ST. LOUIS — When judges here sentence convicted criminals, a new and unusual variable is available for them to consider: what a given punishment will cost the State of Missouri.
For someone convicted of endangering the welfare of a child, for instance, a judge might now learn that a three-year prison sentence would run more than $37,000 while probation would cost $6,770. A second-degree robber, a judge could be told, would carry a price tag of less than $9,000 for five years of intensive probation, but more than $50,000 for a comparable prison sentence and parole afterward. The bill for a murderer’s 30-year prison term: $504,690.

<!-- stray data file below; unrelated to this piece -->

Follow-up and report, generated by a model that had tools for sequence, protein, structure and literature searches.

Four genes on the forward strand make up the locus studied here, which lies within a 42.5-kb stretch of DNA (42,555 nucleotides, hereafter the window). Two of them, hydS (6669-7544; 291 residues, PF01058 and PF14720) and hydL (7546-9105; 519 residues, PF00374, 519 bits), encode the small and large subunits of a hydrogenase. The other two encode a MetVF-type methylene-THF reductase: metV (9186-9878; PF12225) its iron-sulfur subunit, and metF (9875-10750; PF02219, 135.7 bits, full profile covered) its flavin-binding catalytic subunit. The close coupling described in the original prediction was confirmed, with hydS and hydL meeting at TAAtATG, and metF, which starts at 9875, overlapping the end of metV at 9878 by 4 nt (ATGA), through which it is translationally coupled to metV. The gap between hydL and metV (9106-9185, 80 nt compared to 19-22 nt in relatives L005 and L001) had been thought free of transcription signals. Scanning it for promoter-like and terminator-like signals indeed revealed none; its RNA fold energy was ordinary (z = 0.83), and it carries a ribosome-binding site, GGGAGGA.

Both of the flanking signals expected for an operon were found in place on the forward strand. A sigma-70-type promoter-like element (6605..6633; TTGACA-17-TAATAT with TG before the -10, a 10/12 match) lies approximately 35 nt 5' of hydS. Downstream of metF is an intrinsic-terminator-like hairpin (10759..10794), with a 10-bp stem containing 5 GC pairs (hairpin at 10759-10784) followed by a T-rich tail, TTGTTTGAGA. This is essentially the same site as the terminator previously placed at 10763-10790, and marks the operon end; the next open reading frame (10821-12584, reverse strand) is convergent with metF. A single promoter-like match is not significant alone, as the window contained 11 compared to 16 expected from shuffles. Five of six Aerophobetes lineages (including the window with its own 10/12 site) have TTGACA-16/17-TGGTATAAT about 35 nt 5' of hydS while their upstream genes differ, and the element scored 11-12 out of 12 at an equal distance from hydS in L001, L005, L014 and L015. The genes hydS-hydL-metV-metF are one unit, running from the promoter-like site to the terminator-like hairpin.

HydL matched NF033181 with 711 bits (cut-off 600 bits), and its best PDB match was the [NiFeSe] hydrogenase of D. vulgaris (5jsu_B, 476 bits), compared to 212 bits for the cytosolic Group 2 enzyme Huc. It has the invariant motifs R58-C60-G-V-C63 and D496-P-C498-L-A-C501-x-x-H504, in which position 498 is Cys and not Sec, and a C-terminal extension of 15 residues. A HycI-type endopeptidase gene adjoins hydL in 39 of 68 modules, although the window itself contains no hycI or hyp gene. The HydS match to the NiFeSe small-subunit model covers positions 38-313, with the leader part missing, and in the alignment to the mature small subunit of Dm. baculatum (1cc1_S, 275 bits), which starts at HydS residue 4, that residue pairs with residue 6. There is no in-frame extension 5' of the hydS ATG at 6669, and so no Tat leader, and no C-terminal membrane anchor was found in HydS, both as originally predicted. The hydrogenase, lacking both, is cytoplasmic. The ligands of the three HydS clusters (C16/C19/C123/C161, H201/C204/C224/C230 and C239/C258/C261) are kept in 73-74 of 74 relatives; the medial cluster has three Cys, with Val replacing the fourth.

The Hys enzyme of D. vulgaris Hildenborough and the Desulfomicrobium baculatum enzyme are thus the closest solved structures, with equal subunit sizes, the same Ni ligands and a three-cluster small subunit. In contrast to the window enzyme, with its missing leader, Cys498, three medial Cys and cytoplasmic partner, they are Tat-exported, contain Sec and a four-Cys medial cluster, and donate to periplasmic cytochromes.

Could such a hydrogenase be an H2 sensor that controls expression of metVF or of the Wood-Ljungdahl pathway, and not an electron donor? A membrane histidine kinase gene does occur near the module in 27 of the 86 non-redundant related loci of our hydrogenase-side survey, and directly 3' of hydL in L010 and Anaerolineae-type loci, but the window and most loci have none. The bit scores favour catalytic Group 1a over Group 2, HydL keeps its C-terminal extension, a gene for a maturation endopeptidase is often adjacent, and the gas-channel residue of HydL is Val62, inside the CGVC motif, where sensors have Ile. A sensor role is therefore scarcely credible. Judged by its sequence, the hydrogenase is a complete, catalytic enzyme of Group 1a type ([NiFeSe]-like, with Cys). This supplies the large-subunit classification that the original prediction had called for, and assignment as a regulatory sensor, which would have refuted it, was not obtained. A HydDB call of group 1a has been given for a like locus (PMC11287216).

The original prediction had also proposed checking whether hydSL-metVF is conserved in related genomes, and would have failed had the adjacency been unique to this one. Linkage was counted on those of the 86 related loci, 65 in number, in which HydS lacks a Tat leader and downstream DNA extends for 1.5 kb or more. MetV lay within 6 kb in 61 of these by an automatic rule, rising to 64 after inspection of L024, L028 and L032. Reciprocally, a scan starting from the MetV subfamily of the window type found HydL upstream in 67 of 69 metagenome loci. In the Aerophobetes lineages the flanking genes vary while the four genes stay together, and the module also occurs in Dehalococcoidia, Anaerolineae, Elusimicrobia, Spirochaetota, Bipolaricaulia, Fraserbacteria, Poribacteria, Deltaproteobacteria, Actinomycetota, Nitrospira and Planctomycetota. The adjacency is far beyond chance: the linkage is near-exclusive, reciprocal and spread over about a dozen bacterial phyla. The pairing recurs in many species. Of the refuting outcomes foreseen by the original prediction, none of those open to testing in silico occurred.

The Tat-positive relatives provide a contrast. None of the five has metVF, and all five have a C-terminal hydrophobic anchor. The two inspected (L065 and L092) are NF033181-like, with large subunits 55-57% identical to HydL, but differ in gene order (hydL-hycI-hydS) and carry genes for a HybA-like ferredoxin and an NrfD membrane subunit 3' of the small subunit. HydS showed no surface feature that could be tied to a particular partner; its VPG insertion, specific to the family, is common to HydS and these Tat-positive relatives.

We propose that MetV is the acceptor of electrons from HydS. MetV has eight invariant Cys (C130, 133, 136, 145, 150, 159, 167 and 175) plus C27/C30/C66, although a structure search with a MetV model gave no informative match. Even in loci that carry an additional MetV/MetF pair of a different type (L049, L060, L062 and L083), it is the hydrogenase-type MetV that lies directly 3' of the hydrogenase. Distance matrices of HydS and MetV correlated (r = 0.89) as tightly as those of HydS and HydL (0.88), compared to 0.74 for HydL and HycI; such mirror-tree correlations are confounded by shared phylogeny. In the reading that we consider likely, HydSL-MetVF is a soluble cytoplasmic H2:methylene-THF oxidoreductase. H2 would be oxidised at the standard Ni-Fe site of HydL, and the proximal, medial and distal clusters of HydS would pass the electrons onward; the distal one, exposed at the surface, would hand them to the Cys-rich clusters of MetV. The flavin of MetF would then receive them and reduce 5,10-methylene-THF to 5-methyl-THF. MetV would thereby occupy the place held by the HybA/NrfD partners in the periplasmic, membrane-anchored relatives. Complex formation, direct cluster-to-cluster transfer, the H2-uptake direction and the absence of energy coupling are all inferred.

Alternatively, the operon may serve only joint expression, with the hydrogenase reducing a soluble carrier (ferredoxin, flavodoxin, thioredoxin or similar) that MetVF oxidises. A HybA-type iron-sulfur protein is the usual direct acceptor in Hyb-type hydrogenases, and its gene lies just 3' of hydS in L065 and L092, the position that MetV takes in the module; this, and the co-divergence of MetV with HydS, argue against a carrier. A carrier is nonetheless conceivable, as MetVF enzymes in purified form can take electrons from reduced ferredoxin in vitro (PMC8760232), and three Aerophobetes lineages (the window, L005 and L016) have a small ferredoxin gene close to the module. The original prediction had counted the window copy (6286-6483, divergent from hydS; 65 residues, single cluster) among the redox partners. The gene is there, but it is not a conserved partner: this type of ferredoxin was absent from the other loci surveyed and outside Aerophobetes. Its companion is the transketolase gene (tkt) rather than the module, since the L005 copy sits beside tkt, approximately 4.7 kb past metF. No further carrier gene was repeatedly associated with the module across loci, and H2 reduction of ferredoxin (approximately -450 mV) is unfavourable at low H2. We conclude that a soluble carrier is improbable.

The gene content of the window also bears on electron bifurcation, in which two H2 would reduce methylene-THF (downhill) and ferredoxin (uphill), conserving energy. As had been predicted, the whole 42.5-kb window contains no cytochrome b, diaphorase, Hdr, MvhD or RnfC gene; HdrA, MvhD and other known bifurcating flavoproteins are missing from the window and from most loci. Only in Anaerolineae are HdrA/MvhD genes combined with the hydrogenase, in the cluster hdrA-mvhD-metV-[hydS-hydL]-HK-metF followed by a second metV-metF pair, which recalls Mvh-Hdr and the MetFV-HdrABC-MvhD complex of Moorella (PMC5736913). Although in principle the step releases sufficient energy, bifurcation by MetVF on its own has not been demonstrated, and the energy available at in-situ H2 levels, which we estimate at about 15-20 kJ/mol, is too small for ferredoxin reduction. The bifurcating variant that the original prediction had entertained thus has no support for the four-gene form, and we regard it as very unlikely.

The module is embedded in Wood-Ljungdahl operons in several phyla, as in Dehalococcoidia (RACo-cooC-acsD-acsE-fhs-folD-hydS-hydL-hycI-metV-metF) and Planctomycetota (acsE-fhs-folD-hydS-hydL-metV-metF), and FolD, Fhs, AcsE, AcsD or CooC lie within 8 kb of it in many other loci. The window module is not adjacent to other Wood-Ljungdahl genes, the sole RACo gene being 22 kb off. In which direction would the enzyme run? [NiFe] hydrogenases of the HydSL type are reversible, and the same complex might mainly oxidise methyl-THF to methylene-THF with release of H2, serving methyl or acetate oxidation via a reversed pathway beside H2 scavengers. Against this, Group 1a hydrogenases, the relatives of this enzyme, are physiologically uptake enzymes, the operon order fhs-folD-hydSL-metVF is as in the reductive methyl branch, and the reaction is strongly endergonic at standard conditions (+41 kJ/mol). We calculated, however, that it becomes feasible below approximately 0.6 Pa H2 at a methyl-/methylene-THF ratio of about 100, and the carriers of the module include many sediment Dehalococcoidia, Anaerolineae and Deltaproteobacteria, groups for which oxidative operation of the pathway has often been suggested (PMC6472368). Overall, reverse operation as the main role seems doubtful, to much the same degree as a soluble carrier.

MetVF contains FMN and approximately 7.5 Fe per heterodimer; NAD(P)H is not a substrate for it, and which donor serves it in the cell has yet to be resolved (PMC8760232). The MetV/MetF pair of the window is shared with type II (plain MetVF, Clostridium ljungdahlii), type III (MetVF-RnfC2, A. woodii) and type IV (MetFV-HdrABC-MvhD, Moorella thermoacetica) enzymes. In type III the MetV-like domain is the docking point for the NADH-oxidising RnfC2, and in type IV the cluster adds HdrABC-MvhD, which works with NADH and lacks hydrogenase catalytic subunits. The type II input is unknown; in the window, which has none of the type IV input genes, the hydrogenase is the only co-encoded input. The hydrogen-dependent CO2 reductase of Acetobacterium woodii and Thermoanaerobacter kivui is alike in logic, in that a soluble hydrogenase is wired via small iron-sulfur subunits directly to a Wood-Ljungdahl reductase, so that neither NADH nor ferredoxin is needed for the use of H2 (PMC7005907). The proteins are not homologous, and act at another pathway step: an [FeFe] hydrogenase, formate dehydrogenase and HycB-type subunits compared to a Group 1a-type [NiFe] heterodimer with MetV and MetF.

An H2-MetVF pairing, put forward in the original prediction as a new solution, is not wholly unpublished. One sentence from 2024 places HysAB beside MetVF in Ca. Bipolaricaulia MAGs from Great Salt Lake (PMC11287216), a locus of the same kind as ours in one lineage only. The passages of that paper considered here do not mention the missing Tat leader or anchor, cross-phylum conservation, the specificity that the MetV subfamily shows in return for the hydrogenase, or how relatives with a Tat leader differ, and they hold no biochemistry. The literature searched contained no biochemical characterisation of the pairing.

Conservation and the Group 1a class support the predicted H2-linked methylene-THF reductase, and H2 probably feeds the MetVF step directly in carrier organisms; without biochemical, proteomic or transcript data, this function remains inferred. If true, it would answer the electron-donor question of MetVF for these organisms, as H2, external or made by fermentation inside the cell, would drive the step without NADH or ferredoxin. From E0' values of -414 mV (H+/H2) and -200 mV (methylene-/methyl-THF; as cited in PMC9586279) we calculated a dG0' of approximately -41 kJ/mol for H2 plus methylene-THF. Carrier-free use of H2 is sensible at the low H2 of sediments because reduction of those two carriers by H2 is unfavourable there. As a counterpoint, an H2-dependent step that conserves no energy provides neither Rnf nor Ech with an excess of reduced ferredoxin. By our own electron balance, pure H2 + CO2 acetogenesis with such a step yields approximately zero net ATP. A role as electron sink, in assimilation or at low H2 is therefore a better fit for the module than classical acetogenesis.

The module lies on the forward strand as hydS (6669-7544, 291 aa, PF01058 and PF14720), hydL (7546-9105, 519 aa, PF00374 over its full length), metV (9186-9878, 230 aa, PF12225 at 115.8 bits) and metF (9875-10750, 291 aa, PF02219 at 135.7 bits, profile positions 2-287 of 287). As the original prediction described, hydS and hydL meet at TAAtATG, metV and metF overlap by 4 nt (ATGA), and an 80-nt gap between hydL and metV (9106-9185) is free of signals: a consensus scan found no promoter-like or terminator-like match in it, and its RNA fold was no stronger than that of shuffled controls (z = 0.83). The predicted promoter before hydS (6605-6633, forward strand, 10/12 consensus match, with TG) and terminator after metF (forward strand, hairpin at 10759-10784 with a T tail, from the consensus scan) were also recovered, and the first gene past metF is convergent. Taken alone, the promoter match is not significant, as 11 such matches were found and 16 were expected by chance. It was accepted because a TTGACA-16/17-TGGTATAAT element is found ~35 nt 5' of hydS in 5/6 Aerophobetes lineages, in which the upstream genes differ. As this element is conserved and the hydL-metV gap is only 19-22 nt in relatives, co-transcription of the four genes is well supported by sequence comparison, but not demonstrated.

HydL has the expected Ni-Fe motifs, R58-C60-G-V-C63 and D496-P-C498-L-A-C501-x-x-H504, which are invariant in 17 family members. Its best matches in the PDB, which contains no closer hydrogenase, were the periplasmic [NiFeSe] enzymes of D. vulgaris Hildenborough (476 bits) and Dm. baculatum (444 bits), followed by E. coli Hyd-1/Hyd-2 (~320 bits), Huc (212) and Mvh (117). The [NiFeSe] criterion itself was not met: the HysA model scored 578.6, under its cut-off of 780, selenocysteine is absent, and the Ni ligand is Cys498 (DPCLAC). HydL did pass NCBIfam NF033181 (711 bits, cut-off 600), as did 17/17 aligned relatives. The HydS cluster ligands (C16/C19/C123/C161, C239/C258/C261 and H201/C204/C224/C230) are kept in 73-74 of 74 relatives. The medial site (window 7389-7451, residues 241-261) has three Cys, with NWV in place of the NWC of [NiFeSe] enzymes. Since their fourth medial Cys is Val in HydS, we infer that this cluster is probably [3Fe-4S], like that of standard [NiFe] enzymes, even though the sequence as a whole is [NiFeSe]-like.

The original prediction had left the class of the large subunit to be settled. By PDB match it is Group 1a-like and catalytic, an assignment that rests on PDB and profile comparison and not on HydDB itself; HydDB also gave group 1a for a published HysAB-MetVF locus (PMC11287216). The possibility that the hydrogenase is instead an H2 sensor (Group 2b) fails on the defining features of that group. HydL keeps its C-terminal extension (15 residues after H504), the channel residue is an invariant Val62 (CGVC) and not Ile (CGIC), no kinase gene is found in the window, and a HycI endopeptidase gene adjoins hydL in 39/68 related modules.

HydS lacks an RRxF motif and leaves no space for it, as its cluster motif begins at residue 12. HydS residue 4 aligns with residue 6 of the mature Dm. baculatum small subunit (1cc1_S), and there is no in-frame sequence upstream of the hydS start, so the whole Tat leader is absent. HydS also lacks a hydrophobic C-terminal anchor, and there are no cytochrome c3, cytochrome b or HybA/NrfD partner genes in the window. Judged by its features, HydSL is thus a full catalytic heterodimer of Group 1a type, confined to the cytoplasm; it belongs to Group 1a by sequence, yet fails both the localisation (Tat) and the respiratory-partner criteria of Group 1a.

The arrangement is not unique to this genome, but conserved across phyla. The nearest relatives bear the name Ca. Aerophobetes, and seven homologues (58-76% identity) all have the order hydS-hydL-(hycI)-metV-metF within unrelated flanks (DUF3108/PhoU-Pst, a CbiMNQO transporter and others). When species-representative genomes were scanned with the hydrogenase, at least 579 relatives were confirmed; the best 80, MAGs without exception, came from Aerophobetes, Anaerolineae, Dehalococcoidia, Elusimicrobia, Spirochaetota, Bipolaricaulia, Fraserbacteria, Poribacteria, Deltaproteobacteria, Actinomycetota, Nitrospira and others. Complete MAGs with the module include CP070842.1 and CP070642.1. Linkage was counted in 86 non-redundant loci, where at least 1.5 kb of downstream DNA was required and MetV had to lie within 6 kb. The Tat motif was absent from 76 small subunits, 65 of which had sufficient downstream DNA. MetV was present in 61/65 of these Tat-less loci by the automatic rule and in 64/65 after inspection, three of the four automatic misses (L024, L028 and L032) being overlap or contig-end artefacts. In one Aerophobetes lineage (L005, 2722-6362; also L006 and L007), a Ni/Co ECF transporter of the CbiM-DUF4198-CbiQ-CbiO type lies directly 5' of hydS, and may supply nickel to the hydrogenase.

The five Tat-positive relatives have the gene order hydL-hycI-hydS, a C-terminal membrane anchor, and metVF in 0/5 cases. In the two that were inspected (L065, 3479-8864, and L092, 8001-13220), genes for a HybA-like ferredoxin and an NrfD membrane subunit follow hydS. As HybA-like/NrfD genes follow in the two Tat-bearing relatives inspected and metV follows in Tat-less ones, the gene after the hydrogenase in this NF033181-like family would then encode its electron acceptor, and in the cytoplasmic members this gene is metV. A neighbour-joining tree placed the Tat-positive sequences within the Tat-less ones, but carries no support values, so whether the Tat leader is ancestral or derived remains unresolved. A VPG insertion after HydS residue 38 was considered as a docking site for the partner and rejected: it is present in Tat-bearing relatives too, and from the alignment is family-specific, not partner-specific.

Some people deserve imprisonment, obviously, but does putting a price tag on a sentence make a judge less inclined to sentence someone to five years in jail for, say, possession when the sentence will cost a year's salary? Will be very interesting to look back in a few years and see how this information affects sentencing in Missoura.